I-Team: Head of Build It Back Program Acknowledges Frustration in Rebuilding Sandy-Damaged Homes, Looks Ahead

Walk through the Queens community of Broad Channel with the head of New York’s Build it Back program, and every aspect of the embattled program is crystal clear: there are signs of construction everywhere, but homes are still in limbo.

While walking through the Broad Channel neighborhood with Amy Peterson, a resident shouted out at her, "Look at these people’s houses, look what they’re up against."

Peterson acknowledged "people are frustrated, and that’s what we are here to answer.”

From Sandy-ravaged neighborhoods to City Council hearings, Peterson has heard it all since taking over the program in 2014. 

When Built It Back missed Mayor Bill de Blasio’s self-imposed deadline for rebuilding the Sandy-damaged homes, they blamed a “tangle of bureaucracy” for slow progress in rebuilding.

The program has been facing plenty of complaints, from home renovations that are way past their projected completion dates to homes that have yet to be lifted to homes that have yet to be built.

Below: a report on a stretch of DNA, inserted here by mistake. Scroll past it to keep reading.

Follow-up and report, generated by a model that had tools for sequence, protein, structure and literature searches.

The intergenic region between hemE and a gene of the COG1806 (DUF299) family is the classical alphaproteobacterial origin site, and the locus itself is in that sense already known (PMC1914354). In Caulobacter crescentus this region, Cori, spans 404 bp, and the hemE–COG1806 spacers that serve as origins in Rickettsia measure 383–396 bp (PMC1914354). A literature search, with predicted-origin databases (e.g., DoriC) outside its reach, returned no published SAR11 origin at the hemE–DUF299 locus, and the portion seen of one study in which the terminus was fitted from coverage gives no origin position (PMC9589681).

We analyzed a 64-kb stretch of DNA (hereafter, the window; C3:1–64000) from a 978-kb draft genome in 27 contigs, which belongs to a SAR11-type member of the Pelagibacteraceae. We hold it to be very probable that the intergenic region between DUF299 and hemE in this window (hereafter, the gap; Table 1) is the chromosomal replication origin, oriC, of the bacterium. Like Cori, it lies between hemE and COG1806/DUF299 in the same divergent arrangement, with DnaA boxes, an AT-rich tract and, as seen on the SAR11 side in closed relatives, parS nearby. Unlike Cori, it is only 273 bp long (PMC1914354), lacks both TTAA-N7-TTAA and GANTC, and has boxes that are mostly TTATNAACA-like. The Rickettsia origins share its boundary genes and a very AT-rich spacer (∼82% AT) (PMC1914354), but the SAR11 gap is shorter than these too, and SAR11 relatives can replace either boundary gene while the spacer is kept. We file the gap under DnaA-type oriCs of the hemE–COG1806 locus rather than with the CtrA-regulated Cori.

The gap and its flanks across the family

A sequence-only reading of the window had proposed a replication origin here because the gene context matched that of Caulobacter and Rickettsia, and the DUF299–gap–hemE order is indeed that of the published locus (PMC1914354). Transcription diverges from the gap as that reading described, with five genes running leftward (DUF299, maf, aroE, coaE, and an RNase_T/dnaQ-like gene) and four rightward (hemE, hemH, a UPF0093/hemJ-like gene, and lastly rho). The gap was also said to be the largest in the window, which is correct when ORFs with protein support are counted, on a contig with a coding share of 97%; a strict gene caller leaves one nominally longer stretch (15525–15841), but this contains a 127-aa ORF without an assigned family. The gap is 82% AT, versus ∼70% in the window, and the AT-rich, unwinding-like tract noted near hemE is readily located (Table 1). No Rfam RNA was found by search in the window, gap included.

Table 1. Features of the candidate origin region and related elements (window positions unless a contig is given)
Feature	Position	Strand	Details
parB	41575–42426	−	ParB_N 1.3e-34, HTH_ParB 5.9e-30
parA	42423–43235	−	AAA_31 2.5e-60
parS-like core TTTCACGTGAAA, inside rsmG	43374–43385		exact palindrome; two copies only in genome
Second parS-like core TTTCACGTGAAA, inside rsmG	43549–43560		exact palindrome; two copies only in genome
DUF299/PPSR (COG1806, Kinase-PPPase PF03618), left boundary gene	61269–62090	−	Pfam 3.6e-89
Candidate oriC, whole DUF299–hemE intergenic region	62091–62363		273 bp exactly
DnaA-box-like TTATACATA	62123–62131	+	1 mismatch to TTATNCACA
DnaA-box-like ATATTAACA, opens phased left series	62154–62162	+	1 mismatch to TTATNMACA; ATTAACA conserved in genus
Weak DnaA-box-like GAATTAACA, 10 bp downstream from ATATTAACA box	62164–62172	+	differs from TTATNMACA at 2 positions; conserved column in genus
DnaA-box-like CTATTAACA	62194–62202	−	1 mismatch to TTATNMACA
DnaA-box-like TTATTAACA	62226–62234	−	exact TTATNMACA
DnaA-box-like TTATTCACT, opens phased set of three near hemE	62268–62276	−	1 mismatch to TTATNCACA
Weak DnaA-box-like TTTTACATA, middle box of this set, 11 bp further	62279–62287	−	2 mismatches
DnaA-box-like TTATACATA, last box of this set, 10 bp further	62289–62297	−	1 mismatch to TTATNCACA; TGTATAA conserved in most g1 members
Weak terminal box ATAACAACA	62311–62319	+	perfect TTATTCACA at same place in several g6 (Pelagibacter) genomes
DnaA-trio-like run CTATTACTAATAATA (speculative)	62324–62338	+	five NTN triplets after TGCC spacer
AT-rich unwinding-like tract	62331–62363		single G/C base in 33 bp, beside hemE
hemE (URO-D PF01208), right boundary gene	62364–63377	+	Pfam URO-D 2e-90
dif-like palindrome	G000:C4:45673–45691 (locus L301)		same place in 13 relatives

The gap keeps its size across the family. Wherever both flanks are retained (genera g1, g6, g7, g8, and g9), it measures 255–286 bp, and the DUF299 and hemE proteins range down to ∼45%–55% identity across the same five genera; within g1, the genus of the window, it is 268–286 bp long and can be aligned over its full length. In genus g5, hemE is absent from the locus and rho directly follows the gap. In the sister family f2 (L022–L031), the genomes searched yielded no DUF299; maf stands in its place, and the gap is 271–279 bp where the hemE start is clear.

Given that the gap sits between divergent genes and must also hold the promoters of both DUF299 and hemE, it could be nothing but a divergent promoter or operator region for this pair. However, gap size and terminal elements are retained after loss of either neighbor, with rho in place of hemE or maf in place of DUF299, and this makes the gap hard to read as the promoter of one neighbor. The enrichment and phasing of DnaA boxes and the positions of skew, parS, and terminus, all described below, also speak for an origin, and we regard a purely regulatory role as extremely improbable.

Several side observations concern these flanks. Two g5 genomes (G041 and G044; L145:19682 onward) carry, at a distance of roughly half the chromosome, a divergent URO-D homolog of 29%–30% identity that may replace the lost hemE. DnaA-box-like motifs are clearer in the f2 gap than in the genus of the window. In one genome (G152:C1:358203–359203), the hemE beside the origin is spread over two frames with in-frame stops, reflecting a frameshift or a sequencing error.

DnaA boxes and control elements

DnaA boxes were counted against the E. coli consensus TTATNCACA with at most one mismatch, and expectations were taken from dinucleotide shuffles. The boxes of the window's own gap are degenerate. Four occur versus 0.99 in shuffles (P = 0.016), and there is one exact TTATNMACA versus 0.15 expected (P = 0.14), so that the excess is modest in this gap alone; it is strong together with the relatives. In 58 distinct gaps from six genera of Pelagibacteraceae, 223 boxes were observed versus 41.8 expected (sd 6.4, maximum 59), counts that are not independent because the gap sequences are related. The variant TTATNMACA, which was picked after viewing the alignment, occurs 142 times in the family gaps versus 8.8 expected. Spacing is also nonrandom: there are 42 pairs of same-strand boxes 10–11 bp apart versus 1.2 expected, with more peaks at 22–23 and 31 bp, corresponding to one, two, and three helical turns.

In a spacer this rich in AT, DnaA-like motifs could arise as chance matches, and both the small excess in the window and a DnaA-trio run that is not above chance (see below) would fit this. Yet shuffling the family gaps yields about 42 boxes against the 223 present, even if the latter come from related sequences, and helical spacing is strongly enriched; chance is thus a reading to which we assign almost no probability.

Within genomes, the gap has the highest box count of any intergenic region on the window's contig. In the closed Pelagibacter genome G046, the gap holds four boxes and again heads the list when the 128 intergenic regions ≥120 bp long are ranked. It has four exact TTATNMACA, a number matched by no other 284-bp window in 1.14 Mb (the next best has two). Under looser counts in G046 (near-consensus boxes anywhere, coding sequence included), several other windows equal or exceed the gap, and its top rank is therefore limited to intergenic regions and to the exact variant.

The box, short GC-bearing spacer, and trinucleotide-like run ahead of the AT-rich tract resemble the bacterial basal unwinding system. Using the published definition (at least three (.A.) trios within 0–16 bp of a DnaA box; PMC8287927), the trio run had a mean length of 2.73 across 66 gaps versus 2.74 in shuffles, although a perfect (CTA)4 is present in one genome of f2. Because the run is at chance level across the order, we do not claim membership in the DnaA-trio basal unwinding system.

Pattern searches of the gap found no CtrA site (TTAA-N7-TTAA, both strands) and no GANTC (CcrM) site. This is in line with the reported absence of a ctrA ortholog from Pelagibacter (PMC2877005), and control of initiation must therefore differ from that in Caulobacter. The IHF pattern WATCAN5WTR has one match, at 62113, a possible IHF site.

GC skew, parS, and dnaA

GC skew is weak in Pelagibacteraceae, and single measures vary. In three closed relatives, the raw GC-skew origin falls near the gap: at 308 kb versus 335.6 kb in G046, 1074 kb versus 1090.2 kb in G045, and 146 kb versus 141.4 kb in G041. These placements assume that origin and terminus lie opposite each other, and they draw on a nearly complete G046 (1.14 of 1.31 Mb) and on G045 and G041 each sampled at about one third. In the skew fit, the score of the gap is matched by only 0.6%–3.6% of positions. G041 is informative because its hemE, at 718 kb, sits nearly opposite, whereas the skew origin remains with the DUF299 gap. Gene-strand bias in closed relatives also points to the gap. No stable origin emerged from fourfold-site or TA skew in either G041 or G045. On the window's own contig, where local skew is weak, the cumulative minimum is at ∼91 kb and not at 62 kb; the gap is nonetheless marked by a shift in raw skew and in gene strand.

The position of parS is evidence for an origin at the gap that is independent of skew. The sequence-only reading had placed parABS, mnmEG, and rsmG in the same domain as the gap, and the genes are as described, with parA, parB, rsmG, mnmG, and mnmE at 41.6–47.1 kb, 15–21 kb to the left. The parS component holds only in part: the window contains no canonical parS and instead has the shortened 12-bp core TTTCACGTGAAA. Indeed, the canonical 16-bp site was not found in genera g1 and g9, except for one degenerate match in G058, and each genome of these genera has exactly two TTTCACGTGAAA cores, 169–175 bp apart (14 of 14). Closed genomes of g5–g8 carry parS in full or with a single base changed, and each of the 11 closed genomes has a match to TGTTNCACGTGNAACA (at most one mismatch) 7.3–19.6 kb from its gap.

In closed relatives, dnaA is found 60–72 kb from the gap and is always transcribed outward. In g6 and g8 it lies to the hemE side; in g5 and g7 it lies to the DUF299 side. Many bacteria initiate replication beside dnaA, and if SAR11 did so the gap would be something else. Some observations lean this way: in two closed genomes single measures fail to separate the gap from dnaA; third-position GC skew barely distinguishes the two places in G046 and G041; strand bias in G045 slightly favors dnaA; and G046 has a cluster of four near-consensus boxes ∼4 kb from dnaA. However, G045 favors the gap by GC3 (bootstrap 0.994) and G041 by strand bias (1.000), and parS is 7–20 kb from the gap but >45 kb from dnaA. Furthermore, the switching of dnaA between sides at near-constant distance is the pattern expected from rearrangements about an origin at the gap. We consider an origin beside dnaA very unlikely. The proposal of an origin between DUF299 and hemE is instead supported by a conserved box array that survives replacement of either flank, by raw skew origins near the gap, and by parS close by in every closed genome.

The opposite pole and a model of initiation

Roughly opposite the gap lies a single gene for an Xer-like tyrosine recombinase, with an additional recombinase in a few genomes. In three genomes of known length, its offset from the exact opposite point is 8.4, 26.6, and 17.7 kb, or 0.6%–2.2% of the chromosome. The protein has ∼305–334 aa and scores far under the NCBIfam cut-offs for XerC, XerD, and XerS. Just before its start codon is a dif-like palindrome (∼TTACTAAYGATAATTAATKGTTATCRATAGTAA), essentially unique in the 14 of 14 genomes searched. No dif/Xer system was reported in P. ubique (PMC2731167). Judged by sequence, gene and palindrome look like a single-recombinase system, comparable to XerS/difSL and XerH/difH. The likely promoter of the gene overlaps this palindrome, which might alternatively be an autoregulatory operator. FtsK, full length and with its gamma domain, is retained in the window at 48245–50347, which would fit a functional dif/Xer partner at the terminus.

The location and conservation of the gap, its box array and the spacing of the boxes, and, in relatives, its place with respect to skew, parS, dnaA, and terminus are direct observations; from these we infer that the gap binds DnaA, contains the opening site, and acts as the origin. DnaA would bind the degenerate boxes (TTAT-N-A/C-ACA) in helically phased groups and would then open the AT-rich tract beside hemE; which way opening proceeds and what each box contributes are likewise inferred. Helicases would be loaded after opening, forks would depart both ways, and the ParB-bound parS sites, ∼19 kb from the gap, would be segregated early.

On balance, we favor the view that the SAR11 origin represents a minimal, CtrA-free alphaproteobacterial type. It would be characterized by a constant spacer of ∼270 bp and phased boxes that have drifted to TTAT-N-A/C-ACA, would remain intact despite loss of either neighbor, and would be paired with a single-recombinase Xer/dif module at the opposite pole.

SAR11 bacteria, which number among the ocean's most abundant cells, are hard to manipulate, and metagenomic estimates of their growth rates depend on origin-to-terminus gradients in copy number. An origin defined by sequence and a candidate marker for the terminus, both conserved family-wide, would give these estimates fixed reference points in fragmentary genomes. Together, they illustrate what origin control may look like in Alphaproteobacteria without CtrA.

Peterson says it has been tough to be contractors amid a construction boom.

Other factors slowing progress are the rules and standards the program must adhere to because they are accepting federal funds.

"They told me eight months ago to move out and that we would be back in August," said Anthony LaPorta of Broad Channel.  "But they didn’t even start working on our house till September."

Build it Back is lifting LaPorta’s home for an estimated $845,000.

"I told them, knock it down," said LaPorta. "Knock it down, and rebuild it and they said that’s not how the program works."

Peterson says it's a complex decision to decide when to lift and when to rebuild.

"In the end, the costs are related to the foundation,” explained Peterson, “so the costs are related to the helical piles, the concrete and that exists on an elevation or a rebuild."

In Broad Channel, Peterson says they need approvals from several agencies, including the Department of Environmental Conservation, before they can move forward.

After the next major storm, Peterson says the city will build it back, but not in the same way that’s been attempted, in which the city manages everything. 

"Part of the next storm, it should be about what a homeowner wants and how you get that benefit to them so they can control their own destiny," said Peterson. 

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